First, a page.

Facing financial hardship while dealing with a disability can be an overwhelming and challenging experience If you are a recipient of disability benefits and considering bankruptcy in these states, it’s essential to understand how these two aspects interact within bankruptcy law, both in Nebraska and Iowa.
Understanding Disability Benefits
In both Nebraska and Iowa, disability benefits provide vital financial assistance to individuals who are unable to work due to a disability or medical condition. These benefits can come from various sources, including:
- Social Security Disability Insurance (SSDI)
- Supplemental Security Income (SSI)
- VA disability
- Or from a private disability plan from an employer or one that is purchased by an individual.
There is a big difference between government provided (Federal, Nebraska or Iowa) and benefits received from a private policy. Knowing the difference when facing severe financial problems is critical.
Bankruptcy and Disability Benefits
One of the primary concerns for individuals on disability contemplating bankruptcy is how their disability benefits will be affected, especially when the benefits may be paid in a lump dating back to the day of application, which could be a sizeable amount.
The good news is that virtually all disability benefits provided by a governmental source, including SSDI, SSI and benefits from the Veterans Administration, are protected from creditors during bankruptcy in both Nebraska and Iowa.
These benefits are almost universally considered exempt property, meaning they cannot be used to satisfy debts in bankruptcy proceedings. That said, an individual filing bankruptcy may choose to voluntarily use these benefits to their advantage, especially in Chapter 13 cases.
Separately, funds received from a governmental entity for disability should never be put into an account that has other sources of deposits. For example, you would not want to share an account with another person that is depositing payroll into the same account.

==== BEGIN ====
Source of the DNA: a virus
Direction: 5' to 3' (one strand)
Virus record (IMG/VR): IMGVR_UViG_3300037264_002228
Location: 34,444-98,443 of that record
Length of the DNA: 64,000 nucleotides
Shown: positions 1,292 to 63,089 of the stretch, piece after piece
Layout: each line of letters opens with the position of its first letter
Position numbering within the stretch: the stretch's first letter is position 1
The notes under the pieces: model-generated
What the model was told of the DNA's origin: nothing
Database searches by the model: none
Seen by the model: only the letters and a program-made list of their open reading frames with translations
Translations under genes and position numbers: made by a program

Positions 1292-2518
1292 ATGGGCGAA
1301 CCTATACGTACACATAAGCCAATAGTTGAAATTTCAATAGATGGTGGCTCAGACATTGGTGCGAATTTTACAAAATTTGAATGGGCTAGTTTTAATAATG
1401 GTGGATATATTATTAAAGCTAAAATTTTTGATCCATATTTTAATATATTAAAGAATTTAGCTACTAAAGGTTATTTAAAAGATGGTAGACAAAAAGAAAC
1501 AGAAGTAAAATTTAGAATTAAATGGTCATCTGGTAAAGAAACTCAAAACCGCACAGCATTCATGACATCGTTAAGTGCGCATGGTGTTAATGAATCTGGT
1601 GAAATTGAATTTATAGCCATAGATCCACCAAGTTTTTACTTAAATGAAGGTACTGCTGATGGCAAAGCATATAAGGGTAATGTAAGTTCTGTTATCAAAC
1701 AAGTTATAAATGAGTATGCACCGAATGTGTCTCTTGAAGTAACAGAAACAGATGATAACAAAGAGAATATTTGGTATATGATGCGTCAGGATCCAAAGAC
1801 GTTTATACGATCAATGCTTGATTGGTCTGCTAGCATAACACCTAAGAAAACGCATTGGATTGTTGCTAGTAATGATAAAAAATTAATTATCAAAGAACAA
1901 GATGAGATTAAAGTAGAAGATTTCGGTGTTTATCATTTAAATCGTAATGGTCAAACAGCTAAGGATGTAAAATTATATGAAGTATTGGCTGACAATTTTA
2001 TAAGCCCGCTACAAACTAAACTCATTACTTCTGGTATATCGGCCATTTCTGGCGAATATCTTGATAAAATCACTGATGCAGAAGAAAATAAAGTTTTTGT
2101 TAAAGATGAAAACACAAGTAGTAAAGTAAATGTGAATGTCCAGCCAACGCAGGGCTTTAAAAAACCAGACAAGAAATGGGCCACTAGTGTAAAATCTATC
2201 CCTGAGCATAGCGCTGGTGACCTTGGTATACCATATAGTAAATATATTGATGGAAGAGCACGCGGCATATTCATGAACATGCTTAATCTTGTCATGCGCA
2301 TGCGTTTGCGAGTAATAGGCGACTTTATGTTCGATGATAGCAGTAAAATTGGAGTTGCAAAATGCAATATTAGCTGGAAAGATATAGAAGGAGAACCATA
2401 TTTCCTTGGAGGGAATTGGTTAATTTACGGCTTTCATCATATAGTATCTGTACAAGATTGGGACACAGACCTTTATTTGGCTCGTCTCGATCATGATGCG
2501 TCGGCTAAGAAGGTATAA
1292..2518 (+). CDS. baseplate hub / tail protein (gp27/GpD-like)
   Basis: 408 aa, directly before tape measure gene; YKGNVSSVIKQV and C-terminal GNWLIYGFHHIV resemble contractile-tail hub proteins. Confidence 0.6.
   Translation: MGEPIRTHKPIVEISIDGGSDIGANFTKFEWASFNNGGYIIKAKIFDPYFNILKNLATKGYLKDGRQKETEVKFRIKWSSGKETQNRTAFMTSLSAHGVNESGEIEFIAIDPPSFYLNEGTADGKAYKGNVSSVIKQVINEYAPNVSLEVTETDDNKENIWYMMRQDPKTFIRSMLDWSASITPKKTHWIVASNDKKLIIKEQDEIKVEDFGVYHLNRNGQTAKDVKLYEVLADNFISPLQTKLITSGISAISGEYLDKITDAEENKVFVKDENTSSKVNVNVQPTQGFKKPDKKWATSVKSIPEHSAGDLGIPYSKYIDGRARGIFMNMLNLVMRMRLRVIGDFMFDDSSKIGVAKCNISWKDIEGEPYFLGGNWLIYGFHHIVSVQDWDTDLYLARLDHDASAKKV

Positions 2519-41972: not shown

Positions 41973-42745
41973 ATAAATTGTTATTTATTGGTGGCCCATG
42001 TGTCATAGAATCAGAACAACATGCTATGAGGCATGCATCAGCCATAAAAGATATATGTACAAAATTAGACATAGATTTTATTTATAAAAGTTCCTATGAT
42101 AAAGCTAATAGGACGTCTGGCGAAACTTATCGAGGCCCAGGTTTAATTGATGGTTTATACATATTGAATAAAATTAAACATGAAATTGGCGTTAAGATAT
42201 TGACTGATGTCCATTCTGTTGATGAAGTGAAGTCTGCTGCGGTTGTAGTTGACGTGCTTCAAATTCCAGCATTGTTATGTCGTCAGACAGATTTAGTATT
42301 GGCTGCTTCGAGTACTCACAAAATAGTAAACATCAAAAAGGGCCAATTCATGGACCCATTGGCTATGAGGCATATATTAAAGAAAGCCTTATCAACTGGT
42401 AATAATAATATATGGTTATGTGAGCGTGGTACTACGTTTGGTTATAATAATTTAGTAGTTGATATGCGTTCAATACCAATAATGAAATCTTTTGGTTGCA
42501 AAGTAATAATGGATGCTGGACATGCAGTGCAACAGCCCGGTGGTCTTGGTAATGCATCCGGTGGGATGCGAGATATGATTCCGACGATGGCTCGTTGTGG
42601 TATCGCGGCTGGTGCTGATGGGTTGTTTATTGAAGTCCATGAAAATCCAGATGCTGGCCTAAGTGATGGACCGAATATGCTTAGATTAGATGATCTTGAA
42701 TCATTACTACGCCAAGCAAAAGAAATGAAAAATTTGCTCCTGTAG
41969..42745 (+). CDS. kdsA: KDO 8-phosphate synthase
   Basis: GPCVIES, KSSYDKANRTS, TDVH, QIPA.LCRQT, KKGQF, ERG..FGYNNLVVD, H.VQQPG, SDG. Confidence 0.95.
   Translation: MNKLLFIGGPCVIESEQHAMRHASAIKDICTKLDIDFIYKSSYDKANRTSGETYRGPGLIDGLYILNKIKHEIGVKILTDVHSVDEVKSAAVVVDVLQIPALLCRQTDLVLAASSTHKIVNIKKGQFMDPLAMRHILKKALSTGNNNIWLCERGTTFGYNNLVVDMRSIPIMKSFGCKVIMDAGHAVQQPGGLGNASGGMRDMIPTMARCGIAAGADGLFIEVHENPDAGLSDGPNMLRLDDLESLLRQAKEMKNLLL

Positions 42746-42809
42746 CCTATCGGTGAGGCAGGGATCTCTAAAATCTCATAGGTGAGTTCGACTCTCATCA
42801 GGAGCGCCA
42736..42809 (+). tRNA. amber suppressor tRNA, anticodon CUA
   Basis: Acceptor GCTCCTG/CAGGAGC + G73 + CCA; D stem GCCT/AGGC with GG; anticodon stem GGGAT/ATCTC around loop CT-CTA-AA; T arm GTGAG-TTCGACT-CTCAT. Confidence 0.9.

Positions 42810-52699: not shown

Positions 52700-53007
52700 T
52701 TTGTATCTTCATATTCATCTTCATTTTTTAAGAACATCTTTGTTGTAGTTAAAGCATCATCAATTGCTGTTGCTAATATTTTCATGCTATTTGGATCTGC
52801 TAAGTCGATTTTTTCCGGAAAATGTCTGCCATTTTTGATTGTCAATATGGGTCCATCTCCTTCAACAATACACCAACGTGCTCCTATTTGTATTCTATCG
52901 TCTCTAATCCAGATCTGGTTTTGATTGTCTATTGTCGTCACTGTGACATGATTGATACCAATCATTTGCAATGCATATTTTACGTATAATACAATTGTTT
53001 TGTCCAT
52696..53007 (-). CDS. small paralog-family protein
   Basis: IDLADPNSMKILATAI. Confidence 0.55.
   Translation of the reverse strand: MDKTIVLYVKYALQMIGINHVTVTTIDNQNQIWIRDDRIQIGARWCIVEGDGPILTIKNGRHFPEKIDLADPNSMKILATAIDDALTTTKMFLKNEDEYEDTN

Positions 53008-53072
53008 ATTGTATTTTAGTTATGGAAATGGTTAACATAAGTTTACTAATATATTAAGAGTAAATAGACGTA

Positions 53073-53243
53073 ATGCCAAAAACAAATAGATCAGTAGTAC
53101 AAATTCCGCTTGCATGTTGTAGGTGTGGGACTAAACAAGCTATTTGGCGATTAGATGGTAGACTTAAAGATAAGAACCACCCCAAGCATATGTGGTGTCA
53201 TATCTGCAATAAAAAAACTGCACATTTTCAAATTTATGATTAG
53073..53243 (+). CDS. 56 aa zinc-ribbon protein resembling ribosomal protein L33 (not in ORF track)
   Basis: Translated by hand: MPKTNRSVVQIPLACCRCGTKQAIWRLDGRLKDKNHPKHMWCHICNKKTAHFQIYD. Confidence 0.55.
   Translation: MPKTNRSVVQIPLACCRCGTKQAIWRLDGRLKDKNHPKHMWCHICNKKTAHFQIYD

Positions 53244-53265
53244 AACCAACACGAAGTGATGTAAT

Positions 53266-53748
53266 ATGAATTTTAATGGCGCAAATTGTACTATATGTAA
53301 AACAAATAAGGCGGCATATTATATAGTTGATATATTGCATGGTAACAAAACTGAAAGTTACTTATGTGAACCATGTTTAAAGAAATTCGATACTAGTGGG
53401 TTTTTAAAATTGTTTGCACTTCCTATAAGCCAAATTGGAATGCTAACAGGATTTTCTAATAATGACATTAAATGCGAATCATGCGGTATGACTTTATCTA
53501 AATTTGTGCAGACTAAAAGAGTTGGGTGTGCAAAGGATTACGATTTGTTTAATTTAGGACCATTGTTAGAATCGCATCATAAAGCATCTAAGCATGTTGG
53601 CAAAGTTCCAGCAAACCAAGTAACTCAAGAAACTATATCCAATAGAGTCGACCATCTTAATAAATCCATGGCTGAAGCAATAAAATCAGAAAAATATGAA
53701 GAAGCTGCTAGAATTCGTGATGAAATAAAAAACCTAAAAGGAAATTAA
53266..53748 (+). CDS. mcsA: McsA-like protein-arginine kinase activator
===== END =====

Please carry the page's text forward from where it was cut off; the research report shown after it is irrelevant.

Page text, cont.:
This mixes the funds (called commingling of funds) and in many instances causes the protection that is afforded by law to be waived. And, even if a person has been commingling funds for some time, taking action to stop this practice should be done immediately to establish, in the future, that the funds are unique and exempt. Along this same line, do not mix private disability payments with government issued payments. Most private disability funds are not protected.
Chapter 7 Bankruptcy and Disability Benefits
In both states, Chapter 7 bankruptcy allows for the discharge of eligible debts, while non-exempt assets may be liquidated to repay creditors. An experienced bankruptcy attorney will be able to properly advise if there is any risk of losing assets before a case is filed. There may also be ways to mitigate or eliminate the potential liquidation of assets in a legal and ethical manner.
That said, no assets should ever be transferred when contemplating bankruptcy without professional advice from a bankruptcy attorney. As mentioned above, disability benefits received from a governmental source are typically exempt, and recipients can continue receiving their benefits even during the bankruptcy process.
It’s crucial to notify the bankruptcy trustee, via your attorney, about your disability benefits and provide documentation to ensure their protection. Always be sure to share complete information of all sources of income with your attorney so he or she will be able to carefully guide you through the process.
Chapter 13 Bankruptcy and Disability Benefits
In Nebraska and Iowa, Chapter 13 bankruptcy involves creating a repayment plan to settle debts over time. Each plan is different, and the payment amount takes analysis of income and assets to properly determine the amount.
Disability benefits from a governmental source are generally NOT considered part of your disposable income when calculating the repayment plan but it may be voluntarily used to help make the payment.
Private disability is considered in calculating disposable income. However, the fact that you receive disability benefits does not disqualify you from filing for Chapter 13 bankruptcy. In fact, it may help determine the feasibility of the repayment plan and make it more manageable.
Additional Concerns for Individuals with Disability Considering Bankruptcy
In addition to the general considerations, individuals on disability have specific concerns related to their unique circumstances and the state’s legal nuances.